Second Quarter Review
The second quarter of 2016 wrapped up with some excitement. After the “Brexit” selloff a few days before the end of the quarter, the market rallied strongly. Unfortunately, stocks markets have shown little progress during the past two years. On the other hand, bonds have rallied strongly and are up more than 5 percent for the year. Stocks have struggled because earnings have been declining, as the following chart shows:
We hope the estimates come to fruition, but regardless of if they do or not, stocks are not going to advance while earnings are declining.
Not all of our strategies suffered during the Brexit event. We own several managed futures funds and came across this comment in the July 5, 2016, Wall Street Journal Wealth Adviser Daily Briefing by Anna Prior:
“One post-Brexit bright spot: managed-futures funds. As the S&P 500 Index tumbled 5.3 percent in the two days following Britain’s decision to exit the European Union, investors in many mutual funds saw steep losses. But according to a report from WSJ.com’s Wealth Adviser, there was one bright spot: managed-futures funds. During that same period, the average managed-futures mutual fund gained about 3.1 percent, according to Morningstar data.
“Part of a class of hedge-fund-like ‘alternative’ investments, managed-futures funds bet on futures contracts in a variety of markets, including currencies, fixed income, stocks and commodities. While alternative funds in general can be volatile and aren’t for everyone, managed-futures funds have a track record of holding up during times of market stress and experts say they’re worth considering as part of a well-diversified portfolio.”
Basically, this is why we own managed futures funds and why we added to the position earlier this year.
The chart above includes some analyst forecasts of future earnings. We recently read a great article by Adam Butler that perfectly expresses our views about most forecasts, especially short-term forecasts. To put it bluntly, they are worthless. You can read the article here.
We do use forecasting in our investment process, but they are long-term forecasts supported by numerous studies showing their validity. A recent article in the Wall Street Journal by John Coumarinos discussed three forecasting techniques that we actually use in our investment management process. A few quotes from the article follow:
Yet small investors can make forecasts about long-term investment returns in stocks and bonds that at least are based on decades of market data. Such forecasts aren’t infallible, but they can help investors estimate whether they’re saving enough to retire or send children to college.
Here are three ways investors can get an understanding of what markets are likely to deliver—maybe not precisely, but closer than many investors might think.
A longer-view P/E
One method for forecasting long-term returns comes from Nobel laureate and Yale University professor Robert Shiller. It’s based on price/earnings ratios, but it uses more data than the one year of profits that many forecasts rely on.
Because profits have a pronounced cycle, making one year’s earnings potentially misleading, Prof. Shiller compares current stock prices to 10-year average earnings, after adjusting them for inflation, to get an idea of where stocks are headed.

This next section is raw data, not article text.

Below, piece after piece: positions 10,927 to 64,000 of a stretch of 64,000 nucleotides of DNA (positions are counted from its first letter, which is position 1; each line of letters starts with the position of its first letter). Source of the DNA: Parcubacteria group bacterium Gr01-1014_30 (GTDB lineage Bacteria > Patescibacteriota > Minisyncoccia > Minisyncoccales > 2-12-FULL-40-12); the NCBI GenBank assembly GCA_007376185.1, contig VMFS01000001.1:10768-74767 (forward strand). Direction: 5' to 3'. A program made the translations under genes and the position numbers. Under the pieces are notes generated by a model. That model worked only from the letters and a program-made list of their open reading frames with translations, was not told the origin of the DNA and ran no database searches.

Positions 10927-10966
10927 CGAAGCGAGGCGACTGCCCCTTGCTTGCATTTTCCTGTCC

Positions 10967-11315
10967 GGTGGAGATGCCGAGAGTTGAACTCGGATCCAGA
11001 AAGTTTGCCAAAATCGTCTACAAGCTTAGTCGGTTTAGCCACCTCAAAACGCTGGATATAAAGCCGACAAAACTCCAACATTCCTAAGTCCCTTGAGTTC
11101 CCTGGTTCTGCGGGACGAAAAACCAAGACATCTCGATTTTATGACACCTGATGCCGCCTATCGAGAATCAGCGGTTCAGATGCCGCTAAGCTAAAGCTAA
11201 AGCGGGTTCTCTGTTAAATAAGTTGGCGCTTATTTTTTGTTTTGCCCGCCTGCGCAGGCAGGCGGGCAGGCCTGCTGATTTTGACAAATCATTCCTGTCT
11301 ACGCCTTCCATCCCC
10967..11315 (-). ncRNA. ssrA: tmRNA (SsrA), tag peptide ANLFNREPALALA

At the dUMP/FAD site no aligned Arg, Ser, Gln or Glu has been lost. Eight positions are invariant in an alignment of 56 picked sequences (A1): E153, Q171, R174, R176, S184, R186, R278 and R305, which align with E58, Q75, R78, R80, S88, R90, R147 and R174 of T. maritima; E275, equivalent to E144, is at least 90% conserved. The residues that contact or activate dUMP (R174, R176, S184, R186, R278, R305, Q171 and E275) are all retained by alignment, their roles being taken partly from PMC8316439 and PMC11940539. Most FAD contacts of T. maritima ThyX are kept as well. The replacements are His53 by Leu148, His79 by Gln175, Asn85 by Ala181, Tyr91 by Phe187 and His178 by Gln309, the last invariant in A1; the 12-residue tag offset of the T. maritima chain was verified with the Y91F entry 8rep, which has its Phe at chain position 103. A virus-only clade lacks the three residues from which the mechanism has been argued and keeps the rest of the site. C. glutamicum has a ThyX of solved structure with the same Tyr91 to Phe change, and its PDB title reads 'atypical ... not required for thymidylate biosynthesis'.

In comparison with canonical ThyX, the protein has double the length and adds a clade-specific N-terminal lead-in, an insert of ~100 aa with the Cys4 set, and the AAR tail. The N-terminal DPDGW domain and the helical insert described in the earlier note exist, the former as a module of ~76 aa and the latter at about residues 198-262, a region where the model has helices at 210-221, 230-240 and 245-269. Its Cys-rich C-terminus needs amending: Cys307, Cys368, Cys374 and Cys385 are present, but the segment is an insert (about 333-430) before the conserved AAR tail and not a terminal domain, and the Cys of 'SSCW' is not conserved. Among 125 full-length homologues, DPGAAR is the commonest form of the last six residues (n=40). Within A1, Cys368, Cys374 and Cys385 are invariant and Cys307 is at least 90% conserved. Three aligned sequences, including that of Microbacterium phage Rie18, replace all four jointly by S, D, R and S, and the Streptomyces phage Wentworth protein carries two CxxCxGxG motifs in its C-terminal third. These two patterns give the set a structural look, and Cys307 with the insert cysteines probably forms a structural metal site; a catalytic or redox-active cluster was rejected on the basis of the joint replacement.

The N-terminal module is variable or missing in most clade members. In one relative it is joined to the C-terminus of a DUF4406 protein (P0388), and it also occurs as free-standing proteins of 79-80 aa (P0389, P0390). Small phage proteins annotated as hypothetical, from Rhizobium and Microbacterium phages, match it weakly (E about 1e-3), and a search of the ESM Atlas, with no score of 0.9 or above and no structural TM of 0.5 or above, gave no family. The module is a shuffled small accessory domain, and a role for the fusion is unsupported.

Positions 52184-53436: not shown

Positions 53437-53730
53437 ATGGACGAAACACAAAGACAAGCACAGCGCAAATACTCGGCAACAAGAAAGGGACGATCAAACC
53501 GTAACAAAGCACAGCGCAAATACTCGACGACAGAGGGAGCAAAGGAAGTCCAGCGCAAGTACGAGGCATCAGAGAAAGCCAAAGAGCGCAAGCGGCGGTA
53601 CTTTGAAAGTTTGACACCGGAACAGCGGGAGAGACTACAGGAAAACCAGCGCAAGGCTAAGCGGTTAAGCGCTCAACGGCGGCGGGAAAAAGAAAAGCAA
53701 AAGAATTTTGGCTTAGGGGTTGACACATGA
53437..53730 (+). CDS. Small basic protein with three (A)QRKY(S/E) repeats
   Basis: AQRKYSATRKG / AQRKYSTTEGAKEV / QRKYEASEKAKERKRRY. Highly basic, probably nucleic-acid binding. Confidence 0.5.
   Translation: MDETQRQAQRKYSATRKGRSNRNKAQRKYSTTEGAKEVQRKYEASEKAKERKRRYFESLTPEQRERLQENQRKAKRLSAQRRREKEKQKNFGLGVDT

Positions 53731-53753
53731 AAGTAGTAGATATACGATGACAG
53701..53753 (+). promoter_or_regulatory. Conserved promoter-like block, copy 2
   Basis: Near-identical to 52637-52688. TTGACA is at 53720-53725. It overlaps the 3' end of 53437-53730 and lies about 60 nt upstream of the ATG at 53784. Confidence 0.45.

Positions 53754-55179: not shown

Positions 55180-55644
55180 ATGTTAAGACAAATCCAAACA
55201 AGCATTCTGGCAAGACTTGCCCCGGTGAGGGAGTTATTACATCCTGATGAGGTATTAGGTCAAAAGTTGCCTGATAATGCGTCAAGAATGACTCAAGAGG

The so-called Shiller P/E has averaged about 17 since 1870. It’s above 25 now, implying below-average future returns, assuming the ratio tends back toward the historical average.
Vanguard founder Jack Bogle outlined a three-step process for forecasting share prices over the next decade in an interview with fund tracker Morningstar Inc. last year. It starts with dividend yields, which have accounted for a significant part of historical stock returns. The S&P 500 index currently gives an investor about 2 percent in dividend yield.
Second, Mr. Bogle factors in the historic earnings growth rate, which is close to 5 percent annually for the 100 years through 2014. That plus the dividend yield pushes the prospective return for an investment today in a fund that tracks the S&P 500 to nearly 7 percent annualized over 10 years.
Last, Mr. Bogle incorporates an estimate of what multiple of earnings investors will pay to own stocks in the future. He figures the current multiple of 20 for the S&P 500 (based on one year of earnings) will decline over the next few years to its historical norm in the mid-teens, that leads him to reduce the prospective 7 percent annualized return from dividends and earnings growth to 4 percent—much lower than the 10 percent stocks have delivered over the past century.
Bond forecasting is simple, according to Mr. Bogle. He says bonds’ current yield to maturity has been a good predictor of their returns for nearly every 10-year-period since 1906.
We use these methods along with numerous others to evaluate the risk-return tradeoff currently offered by the market. As we’ve discussed in the past, when the tradeoff is poor we become more defensive, as we are today.
We enjoy discussing our process with clients. Please let us know if you would like more details or have questions about the above information, just don’t ask what the market is going to do tomorrow!